It could be argued, given how much effort is required for very little return, reward, or recognition, that all literary translations must be labors of love driven by some form of personal connection. But this is not always the case. I know of prolific translators with over fifty titles to their credit who do not connect personally with each of their works in any of the above ways. So it is certainly not any kind of prerequisite for a viable and sustainable career as a literary translator. Nor does this kind of author/book and translator connection predicate the quality or merits of the translation itself.
It is also possible that too close of a personal attachment might hinder a translator, especially one still early in their journey, in their ability to approach a text with the kind of critical thinking it might need.
Personal Connection as Fuel and Inspiration
Nevertheless, this tends to be the most common reason a literary translator commits multiple years of their life to a particular project. All at the high risk of little to no returns, rewards, and recognition because the original authors are either no longer alive (and most of the big book awards require the original author to be around still) or unknown in the target language readership. Sometimes, they’re barely known in the source language readership, as with my translation.
Again, this tends to be more often the case with emerging or new translators because that personal connection with the work fuels them with energy and determination. It serves as an inspiration for their own creativity so that they might go beyond their comfort zone. And it empowers them with the belief that they are doing something of value, no matter how the rest of the world might receive it.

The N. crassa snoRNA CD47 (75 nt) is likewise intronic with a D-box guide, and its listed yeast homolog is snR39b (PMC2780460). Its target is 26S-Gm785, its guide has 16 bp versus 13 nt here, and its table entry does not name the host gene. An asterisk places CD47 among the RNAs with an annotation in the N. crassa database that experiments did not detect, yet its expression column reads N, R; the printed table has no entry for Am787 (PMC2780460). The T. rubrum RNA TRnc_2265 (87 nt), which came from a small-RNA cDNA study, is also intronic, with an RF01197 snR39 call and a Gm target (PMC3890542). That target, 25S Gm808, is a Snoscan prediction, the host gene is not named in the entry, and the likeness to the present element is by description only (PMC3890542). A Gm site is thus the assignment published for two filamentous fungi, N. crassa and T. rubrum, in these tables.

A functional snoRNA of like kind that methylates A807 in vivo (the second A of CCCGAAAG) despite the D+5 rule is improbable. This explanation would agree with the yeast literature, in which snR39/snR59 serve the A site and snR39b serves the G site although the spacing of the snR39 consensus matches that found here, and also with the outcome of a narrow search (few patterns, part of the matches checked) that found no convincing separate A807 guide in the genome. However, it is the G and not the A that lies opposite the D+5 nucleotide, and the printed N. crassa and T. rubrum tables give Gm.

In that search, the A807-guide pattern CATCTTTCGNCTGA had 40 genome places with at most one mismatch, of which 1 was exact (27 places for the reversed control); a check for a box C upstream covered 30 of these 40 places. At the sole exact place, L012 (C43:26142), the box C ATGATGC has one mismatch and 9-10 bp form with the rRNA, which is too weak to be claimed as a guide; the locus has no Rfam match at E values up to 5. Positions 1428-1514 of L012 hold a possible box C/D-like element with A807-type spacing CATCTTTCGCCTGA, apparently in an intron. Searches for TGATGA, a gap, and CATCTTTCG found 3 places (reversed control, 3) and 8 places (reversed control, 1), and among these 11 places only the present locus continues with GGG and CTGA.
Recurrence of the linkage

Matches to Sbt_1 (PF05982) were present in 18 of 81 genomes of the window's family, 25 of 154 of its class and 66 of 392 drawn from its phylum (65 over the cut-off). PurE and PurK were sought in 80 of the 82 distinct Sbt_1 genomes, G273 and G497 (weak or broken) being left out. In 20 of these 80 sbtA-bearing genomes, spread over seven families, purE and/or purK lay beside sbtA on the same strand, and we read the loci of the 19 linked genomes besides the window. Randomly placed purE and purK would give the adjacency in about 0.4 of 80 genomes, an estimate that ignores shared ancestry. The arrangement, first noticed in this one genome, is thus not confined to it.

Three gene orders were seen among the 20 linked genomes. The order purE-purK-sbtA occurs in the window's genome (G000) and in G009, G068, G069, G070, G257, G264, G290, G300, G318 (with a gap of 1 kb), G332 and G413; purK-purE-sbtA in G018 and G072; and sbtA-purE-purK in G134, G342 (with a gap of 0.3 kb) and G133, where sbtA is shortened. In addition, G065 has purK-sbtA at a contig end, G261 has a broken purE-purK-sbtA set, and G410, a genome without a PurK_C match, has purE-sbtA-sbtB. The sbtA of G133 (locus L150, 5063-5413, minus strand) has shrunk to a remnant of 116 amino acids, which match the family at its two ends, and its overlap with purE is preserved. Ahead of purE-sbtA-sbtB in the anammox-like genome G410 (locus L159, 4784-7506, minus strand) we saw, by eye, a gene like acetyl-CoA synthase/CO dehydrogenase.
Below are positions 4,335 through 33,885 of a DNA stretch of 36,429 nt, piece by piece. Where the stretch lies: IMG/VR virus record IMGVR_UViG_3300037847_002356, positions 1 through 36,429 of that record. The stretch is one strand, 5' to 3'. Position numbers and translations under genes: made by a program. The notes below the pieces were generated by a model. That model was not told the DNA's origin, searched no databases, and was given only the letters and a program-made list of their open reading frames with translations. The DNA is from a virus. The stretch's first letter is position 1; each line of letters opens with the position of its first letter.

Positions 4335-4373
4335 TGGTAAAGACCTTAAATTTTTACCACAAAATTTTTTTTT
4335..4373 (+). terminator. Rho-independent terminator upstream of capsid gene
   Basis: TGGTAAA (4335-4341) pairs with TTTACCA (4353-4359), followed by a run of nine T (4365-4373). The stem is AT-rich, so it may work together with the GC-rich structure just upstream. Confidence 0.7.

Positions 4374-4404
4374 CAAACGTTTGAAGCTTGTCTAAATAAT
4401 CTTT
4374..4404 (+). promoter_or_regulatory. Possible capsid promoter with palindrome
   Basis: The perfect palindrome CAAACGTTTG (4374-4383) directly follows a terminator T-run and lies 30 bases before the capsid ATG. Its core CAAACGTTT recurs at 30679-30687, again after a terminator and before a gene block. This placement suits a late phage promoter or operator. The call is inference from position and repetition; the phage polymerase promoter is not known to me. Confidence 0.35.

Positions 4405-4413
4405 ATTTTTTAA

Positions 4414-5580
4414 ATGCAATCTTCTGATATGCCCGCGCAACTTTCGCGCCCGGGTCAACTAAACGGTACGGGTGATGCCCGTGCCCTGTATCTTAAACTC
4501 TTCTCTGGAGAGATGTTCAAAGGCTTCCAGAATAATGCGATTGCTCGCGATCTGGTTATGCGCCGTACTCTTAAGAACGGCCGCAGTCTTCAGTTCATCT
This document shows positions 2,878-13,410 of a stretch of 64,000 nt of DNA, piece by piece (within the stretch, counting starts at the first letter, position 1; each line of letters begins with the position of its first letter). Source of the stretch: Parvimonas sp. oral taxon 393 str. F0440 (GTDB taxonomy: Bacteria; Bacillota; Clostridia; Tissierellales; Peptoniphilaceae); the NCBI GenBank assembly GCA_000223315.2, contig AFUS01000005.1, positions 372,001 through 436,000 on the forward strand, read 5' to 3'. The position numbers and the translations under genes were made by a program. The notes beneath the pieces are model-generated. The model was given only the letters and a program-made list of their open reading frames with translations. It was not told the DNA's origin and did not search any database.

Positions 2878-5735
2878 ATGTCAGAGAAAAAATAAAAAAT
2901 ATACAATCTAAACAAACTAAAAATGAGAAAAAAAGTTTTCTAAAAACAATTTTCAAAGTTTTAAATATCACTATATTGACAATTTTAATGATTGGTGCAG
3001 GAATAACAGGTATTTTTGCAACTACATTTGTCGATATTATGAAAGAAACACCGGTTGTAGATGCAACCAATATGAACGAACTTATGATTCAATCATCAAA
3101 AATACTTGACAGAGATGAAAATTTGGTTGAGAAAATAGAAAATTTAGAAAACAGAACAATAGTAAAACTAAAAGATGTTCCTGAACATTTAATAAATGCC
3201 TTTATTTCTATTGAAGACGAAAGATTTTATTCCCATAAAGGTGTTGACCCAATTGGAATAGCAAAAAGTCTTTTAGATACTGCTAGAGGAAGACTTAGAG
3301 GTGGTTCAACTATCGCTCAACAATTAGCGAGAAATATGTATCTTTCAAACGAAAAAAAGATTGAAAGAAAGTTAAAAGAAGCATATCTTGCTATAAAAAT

Closing Thoughts (for now)
In the coming editions, I’d like to explore other reasons, such as aesthetic pleasure, literary activism, skill development, and portfolio diversification. Again, I’ll reiterate that there is no single right reason. No hierarchy among these either. And, of course, it’s entirely probable that a work appeals to us for a combination of these reasons too.
If you’re a literary translator, I’d love to know about a work you are considering or have translated because of a personal connection. Or, if you’re a reader of translated works, I’m curious whether the translator’s personal connection to the text alters how you approach its reading. Please let me know in the comments section below.
Some Quick Literary Updates
Looking for book recommendations? Check out my ongoing book lists.
In particular, I went down several delightful rabbit holes related to The Arabian Nights (or, for accuracy, One Thousand and One Nights, because the stories originated from regions beyond Arabia.) This is likely one of the most (mis)translated texts after the Bible. A fascinating history that also reveals much about how race, gender, sexual orientation, and other power dynamics influenced every translation. More on this particular text and its many translations in a few weeks.